Rachel Richardson, faculty representative from the School of Nursing, welcomed everyone as she convened and chaired the meeting, standing in for Ken and Tracy.

4:00 – 4:05 – Announcements

  • ITAC meeting minutes from March 8th, 2018 attached to the agenda, were motioned upon, seconded and approved.
  • New Student Representative Shrey Majmudar, freshman from Austin Texas, introduced himself and was warmly welcomed.
  • The DukeCard team will be on hand to help anyone in getting started with Mobile DukeCard on their devices after the ITAC meeting.

4:05 – 4:35 – Duke Electric Vehicles, Gerry Chen, Shomik Verma

What it is: Duke Electric Vehicles (DEV) is a student-run organization that tests the limits of vehicle efficiency by focusing on the design, manufacturing, and testing of very fuel efficient vehicles. This July, DEV broke a 13-year-old Guinness World Record for the most fuel-efficient vehicle in history, with a hydrogen fuel cell car that gets the equivalent of 14,573 per gallon. We will discuss their record-breaking run, as well as what achievements they are targeting next.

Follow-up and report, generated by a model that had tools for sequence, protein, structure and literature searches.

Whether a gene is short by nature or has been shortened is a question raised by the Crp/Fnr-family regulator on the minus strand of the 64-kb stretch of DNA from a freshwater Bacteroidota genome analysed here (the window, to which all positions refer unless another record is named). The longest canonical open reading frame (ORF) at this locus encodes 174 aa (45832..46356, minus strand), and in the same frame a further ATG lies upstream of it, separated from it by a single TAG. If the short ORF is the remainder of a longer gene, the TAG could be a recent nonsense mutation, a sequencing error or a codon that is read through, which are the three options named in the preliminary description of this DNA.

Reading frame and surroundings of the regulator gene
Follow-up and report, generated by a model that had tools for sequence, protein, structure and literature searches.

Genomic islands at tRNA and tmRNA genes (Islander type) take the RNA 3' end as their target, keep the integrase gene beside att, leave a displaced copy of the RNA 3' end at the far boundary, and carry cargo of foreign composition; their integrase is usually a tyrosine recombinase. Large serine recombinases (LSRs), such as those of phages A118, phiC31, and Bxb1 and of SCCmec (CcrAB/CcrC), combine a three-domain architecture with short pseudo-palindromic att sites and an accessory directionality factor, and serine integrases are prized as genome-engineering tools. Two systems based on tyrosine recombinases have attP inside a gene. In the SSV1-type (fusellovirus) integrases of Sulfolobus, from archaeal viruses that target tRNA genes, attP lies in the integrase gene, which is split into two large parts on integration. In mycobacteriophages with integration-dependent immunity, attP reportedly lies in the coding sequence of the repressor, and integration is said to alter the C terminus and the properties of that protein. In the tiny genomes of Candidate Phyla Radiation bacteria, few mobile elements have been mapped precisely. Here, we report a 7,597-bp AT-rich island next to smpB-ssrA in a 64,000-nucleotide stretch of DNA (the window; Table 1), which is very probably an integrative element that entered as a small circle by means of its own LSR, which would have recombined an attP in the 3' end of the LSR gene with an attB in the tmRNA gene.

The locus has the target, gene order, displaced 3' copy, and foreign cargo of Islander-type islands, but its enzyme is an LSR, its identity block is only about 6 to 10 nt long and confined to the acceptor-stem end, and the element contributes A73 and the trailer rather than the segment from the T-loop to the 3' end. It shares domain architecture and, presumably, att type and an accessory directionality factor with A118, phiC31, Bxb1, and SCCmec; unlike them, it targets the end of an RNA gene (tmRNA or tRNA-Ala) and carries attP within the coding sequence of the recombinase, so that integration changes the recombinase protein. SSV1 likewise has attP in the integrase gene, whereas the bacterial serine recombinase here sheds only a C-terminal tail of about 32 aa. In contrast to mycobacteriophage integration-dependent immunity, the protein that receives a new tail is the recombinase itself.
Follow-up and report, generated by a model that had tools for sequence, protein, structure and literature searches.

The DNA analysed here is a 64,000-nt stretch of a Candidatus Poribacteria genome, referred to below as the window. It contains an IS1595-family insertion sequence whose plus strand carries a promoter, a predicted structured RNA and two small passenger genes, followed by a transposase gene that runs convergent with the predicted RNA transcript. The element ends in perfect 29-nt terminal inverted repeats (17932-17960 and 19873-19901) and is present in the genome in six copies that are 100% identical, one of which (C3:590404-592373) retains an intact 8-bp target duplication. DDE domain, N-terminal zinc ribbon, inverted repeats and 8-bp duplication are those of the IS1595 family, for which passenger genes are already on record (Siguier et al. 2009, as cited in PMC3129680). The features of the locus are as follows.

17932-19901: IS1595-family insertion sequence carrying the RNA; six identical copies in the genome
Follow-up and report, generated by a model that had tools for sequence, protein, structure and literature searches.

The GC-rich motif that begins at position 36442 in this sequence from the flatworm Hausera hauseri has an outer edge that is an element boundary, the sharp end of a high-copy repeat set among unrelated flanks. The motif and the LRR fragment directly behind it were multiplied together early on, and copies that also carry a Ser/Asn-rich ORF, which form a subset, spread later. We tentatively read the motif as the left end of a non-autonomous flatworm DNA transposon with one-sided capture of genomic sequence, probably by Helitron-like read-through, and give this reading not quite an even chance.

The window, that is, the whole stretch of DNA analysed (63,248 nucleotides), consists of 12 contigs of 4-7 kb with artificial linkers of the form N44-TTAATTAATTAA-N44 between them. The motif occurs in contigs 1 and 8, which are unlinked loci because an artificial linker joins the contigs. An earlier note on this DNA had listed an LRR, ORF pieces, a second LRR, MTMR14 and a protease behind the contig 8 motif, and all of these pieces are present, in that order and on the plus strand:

Why it’s relevant: Using creative engineering to engage and inspire progress in electric mobility, DEV offers an interdisciplinary, co-curricular opportunity for Duke Students to apply technology know-how to a real-world problem. Their efforts are producing meaningful results with a global impact.

Shomik Verma and Gerry Chen, Duke Seniors in Mechanical and Electrical Engineering, Co-Presidents of Duke Electric Vehicles, talked about their World Record in building and competing with other schools for the most fuel-efficient vehicle in history. It was noted that all other Schools in the competition have Automotive Engineering Programs but Duke has “Spirit”.

The goals of Duke EV are to develop high-efficiency vehicles, raise awareness that ultra-efficient energy vehicles are possible and continue to compete in the Shell Eco-Marathon as done for the last 7 years.

DEV recently broke the world record for the most fuel-efficient vehicle as the car “Maxwell” travelled 14 km using 0.6 g of hydrogen which is equivalent to 14,573 MPGe.